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In New Zealand, becoming a sole trader is the easiest way to start professionally working or start your own business. New Zealand is one of the easiest places in the world to do business as your own operator, and the process for becoming a sole trader is relatively simple. There are many benefits, including flexibility and a lack of start-up fees. This article will explain what a sole trader is, how to become one, and some legal obligations to keep in mind.

What Is a Sole Trader?

Being a ‘sole trader’ means starting a business or professionally contracting on your own, without registering as a company. Many small business owners, contractors and other self-employed people begin as sole traders. You can get up and started very quickly, with low start-up costs and no legal or registration fees. You also control the business and get all the profits. There are also some tax advantages like offsetting losses against other income and other legal entitlements.

However, there are some disadvantages. You are personally liable for all debts that your business might accrue, unlike a limited liability company. This means your personal assets, such as your car or house, might be at risk if things go wrong with the business. Sole traders can also struggle to get loans or investments relative to companies. However, you can change your business structure at a later stage if you want to switch to a company. Starting as a sole trader is a great first step that gives you some flexibility later on.

How to Become a Sole Trader

It is straightforward to become a sole trader. There are no legal or registration fees. You will need:

  1. a personal IRD number for paying income tax and goods and services tax (GST); 
  2. government licences and permits for your particular specialty, if relevant; and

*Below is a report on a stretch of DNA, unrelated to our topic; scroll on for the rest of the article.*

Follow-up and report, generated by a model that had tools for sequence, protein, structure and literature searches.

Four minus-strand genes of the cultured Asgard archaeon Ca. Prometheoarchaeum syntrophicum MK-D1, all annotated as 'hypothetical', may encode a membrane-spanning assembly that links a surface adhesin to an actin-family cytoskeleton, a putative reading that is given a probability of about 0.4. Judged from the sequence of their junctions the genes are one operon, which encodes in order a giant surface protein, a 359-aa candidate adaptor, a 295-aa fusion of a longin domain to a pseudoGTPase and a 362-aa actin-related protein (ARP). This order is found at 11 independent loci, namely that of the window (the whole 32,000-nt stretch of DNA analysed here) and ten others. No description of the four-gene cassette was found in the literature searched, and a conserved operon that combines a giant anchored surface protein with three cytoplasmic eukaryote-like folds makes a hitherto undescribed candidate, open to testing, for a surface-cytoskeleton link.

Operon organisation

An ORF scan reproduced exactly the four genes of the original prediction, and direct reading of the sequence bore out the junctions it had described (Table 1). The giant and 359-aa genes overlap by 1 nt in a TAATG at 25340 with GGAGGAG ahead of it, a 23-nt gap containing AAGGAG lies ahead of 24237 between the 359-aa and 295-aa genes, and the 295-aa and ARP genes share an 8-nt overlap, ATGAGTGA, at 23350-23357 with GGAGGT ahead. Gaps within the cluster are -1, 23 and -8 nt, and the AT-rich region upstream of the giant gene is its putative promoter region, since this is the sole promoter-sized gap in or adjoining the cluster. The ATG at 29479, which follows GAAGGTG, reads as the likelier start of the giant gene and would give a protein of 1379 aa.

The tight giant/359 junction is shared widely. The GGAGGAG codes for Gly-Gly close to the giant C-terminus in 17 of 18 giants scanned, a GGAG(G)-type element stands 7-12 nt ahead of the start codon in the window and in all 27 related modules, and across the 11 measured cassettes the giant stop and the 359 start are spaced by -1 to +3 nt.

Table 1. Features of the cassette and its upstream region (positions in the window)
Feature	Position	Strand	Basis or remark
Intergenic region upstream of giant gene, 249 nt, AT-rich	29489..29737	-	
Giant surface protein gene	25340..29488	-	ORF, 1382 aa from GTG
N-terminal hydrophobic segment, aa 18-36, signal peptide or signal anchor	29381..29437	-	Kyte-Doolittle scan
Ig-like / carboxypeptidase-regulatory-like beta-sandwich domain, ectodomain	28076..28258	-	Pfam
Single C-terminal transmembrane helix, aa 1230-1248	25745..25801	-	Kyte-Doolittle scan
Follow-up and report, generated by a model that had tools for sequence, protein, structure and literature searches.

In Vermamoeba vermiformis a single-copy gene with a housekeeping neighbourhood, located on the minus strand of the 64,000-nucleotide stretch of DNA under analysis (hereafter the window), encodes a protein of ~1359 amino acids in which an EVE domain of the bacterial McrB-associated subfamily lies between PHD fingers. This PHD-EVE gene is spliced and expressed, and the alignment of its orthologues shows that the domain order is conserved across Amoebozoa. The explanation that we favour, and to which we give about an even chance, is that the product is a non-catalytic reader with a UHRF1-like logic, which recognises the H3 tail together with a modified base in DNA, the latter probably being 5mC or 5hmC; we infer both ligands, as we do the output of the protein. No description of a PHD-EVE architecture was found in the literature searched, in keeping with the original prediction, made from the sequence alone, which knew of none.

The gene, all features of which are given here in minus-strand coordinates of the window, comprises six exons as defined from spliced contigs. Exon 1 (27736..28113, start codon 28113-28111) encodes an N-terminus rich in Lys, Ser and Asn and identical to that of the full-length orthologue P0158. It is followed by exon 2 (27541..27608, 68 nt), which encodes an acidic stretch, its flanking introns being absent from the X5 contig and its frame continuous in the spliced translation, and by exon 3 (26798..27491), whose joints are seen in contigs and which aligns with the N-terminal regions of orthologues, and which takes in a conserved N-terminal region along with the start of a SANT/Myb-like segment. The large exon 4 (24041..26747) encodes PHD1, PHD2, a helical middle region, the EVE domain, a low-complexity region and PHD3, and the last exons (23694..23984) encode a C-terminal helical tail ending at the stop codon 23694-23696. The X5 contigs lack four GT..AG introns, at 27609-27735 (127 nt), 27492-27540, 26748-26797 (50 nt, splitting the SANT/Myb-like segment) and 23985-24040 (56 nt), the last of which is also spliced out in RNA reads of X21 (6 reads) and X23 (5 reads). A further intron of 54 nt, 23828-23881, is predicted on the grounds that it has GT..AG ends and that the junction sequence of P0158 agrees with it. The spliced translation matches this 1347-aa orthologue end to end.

3. qualifications or registrations for your trade or profession, if relevant

Additionally, you need to tell Inland Revenue you have become a sole trader, and if you earn more than $60,000 a year, you will need to register for GST.

You can also get a New Zealand Business Number as a sole trader, a useful number and identifier which any business can have – not just companies. It is a good idea to get one, for a range of reasons including building credibility and speeding up interactions with suppliers and customers.

Legal Obligations for Sole Traders

While your obligations are fewer and less complicated than for companies, there are still some legal obligations to note.

The first is income tax. As a sole trader, your net profit (what you earn after paying work expenses) is taxable through your person IRD number. How much you earn each financial year will influence the amount of tax you must pay. As a sole trader, you must file an IR3 income tax return each tax year. 

From your second year as a sole trader, you may have to pay provisional tax. Provisional tax is when you have a system of paying instalments of your income tax based on your expected income over the year (based in part on your first year). There are advantages here for savvy sole traders. If you pay all your provisional tax early, before the financial year-end on March 31, you may qualify for a 6.7% income tax discount.

It is a good idea to get expert advice from an accountant or tax specialist when considering this.

Registering for GST is another legal obligation if you sell a product or service (including your own personal services or labour) and you think you have or will earn more than $60,000. GST of 15% is added to the price of most things for sale. If you are GST registered, you can claim back GST you pay on items you buy for your business.

Key Takeaways

It is straightforward to become a sole trader in New Zealand. If you want to go into business for yourself, it is cheap and quick to start work as a sole trader, particularly in comparison to starting a company. You need a personal IRD number to pay income tax and GST for your business. Additionally, you need the relevant permits or licences to operate your business in whichever field you choose. After that, you pay income tax and provisional tax. Also, you may have to register for GST if you earn more than $60,000. You always have the option of restructuring your business as a company later on, particularly if the business grows quickly.

If you want to know more about becoming a sole trader, contact LegalVision’s New Zealand business lawyers on 0800 005 570 or complete the form on this page.

Frequently Asked Questions

What is a sole trader?

Sole traders have a business or professionally contract on their own, without registering as a company. They are entitled to any profits and are liable for any debts from the business.

Are there legal or registration fees for becoming a sole trader?

No, there is not. Becoming one is easy and affordable in New Zealand.

Do sole traders have to register for GST?

Yes, they do, if they earn (or expect to earn) more than $60,000 per year.

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